Dr. Bloch speculates that the findings, which he is submitting for publication in a peer-reviewed journal, may explain the boys’ breast growth. He noted, however, that cells in a test tube are a far cry from humans, so the relationship of the essential oil to breast growth remains hypothetical.
While pediatric endocrinologists have implicated pharmaceutical or personal care products for causing pubertal problems in children, some environmental scientists also claim that some widespread industrial and pharmaceutical pollutants harm the normal sexual development of fish and animals. By extension, they may also contribute to earlier or disrupted puberty in children, these scientists contend. Robert Havelock, a senior reproductive toxicologist at the Environmental Protection Agency, said these concerns “caused a shift in worry from cancer to noncancer” effects of environmental pollution over the past decade.
In 1994, scientists found that estrogen-like chemicals from plastics manufacturing plants that had contaminated sewers in England caused genetically male fish to develop into females. In the early 1980’s, major spills of the DDT-like pesticide dicofol in Florida led to the “feminization” of the reproductive tracts of male alligators.
Robert Cooper, the chief of endocrinology at the reproductive toxicology division of the Environmental Protection Agency, says various sources of endocrine disruptors, like manufacturing chemicals, may be leaching into the environment. While their relation to pubertal problems in children remains highly speculative, he believes further study is needed.
Past epidemiological evidence, however, does worry Dr. Cooper, because some chemical exposures have been associated with early puberty. In 1973, thousands of Michigan residents ate food contaminated by a flame retardant, PBB, which was later correlated with earlier menstruation in girls. In Puerto Rico, which has some of the world’s highest rates of early puberty, the condition was linked to higher levels of a plasticizer called phthalate in affected children.
Governmental efforts to create a systematic method to assess possible endocrine disruptors from environmental sources have stalled.
In 1996, Congress directed the E.P.A. to develop a comprehensive screening program for possible endocrine disruptors within three years. Dr. Cooper says no such program has begun operation, a failure he attributed largely to stonewalling by chemical industry representatives who serve on an advisory committee for the program. Now the proposed rollout is December 2007, but Dr. Cooper said, “They may be dreaming.” Critics cite the program’s high potential costs and lack of reliable laboratory tests.
Protecting children from endocrine disrupters in cosmetics and prescription drugs may also be difficult in the near future.
In 1989, the Food and Drug Administration proposed allowing up to 10,000 units of estrogen per ounce of cosmetic, the approximate oral daily dose of hormone replacement therapy for postmenopausal women. Dr. Tiwary said that in the early 1990’s he filed an adverse drug report with the agency about hormone-containing shampoos but that to his knowledge, it never came to anything.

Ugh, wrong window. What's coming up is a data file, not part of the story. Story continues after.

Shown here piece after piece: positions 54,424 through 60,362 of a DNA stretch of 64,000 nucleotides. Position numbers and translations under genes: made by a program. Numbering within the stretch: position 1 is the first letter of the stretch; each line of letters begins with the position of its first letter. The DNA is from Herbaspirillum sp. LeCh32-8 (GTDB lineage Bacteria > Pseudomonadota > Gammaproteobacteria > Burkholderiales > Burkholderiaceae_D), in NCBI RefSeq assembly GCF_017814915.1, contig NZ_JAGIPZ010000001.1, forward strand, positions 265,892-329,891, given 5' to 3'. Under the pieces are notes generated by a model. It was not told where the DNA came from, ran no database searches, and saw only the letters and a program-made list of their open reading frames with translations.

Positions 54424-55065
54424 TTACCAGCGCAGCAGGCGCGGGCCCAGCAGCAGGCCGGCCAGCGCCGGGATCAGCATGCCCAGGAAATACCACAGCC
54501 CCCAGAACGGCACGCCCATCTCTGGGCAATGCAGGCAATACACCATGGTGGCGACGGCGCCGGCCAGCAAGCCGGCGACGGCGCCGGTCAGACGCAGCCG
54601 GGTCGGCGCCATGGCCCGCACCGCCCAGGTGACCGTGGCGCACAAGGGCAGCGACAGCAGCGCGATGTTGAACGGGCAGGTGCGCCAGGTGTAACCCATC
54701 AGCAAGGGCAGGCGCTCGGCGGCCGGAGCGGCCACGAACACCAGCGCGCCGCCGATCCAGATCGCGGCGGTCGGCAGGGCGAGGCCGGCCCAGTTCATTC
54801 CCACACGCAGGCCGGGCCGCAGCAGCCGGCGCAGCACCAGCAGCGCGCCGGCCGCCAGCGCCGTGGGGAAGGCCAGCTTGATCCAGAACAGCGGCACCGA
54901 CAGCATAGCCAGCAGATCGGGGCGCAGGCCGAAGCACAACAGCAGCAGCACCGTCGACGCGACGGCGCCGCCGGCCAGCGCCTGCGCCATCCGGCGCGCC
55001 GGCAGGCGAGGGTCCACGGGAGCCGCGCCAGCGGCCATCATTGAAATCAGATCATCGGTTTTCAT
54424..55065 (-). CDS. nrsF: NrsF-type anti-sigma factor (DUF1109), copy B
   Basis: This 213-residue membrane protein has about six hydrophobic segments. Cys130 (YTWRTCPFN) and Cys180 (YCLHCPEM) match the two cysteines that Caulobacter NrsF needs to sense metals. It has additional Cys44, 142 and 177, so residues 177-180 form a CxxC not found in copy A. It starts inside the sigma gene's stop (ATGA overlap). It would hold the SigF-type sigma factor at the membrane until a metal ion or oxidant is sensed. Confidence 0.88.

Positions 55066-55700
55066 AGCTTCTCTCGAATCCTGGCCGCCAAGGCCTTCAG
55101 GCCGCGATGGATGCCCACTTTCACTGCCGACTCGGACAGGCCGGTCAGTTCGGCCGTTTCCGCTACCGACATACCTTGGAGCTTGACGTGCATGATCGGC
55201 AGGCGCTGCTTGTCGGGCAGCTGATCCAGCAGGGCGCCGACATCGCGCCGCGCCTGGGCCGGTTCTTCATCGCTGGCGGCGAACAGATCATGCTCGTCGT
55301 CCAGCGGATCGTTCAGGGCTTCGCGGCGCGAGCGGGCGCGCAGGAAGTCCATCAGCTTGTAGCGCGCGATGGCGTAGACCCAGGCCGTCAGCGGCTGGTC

Reached by e-mail, a spokeswoman for the F.D.A. said that the agency was “aware of some reports describing premature sexual development” with shampoos but that it had concluded that “there is no reason for consumers to be concerned.”
At this time, “placental materials are neither prohibited by cosmetic regulations nor restricted” by the F.D.A., she wrote.
Dr. Dedekian said that while prohormones like Andro are no longer commercially available, lax regulation of so-called compounding pharmacies allows the manufacture and sale of concentrated testosterone creams, like the one affecting his patient, without government oversight.
Topical lotions and creams containing testosterone may become more common. In 2000, Solvay Pharmaceuticals secured F.D.A. approval for Androgel, a lotion to treat a syndrome the company calls low T, referring to low testosterone. According to the company’s Web site, the condition affects 13 million men over 45. From 2000 to 2004, the number of testosterone prescriptions doubled to over 2.4 million a year.
Solvay Pharmaceuticals referred questions on Androgel’s possible risks to Natan Bar-Chama, an associate professor of urology at Mount Sinai School of Medicine.
Dr. Bar-Chama acknowledged the theoretical risks of transfer of the hormone through skin contact with children, but he said he had never seen a case among the hundreds of men he has treated. He added, however, that it was prudent to take precautions when using the product, including hand-washing after handling the gel and wearing clothing to avoid skin-to-skin contact with others.
In 2003, an Institute of Medicine report stated, “There has been increasing concern about the increase in the number of men using testosterone and the lack of scientific data on the benefits and risks of this therapy.”
Dr. Dan Blazer, a psychiatrist at Duke who was chairman of the committee, said, “In no way did we find a condition that we defined as low T.”
The major clinical trial of Androgel’s effectiveness for low T, published in The Journal of Clinical Endocrinology and Metabolism in 2000, included neither a placebo group (patients who received an inactive dummy lotion) nor a control group (patients who did not have low T) for comparison.
Dr. Ronald Swerdloff, the chief of endocrinology at Harbor-U.C.L.A. Medical Center in Torrance, Calif., and a consultant for Solvay, who ran the study, said the trial was limited in scope since it examined “a new route of administration for an already established drug.”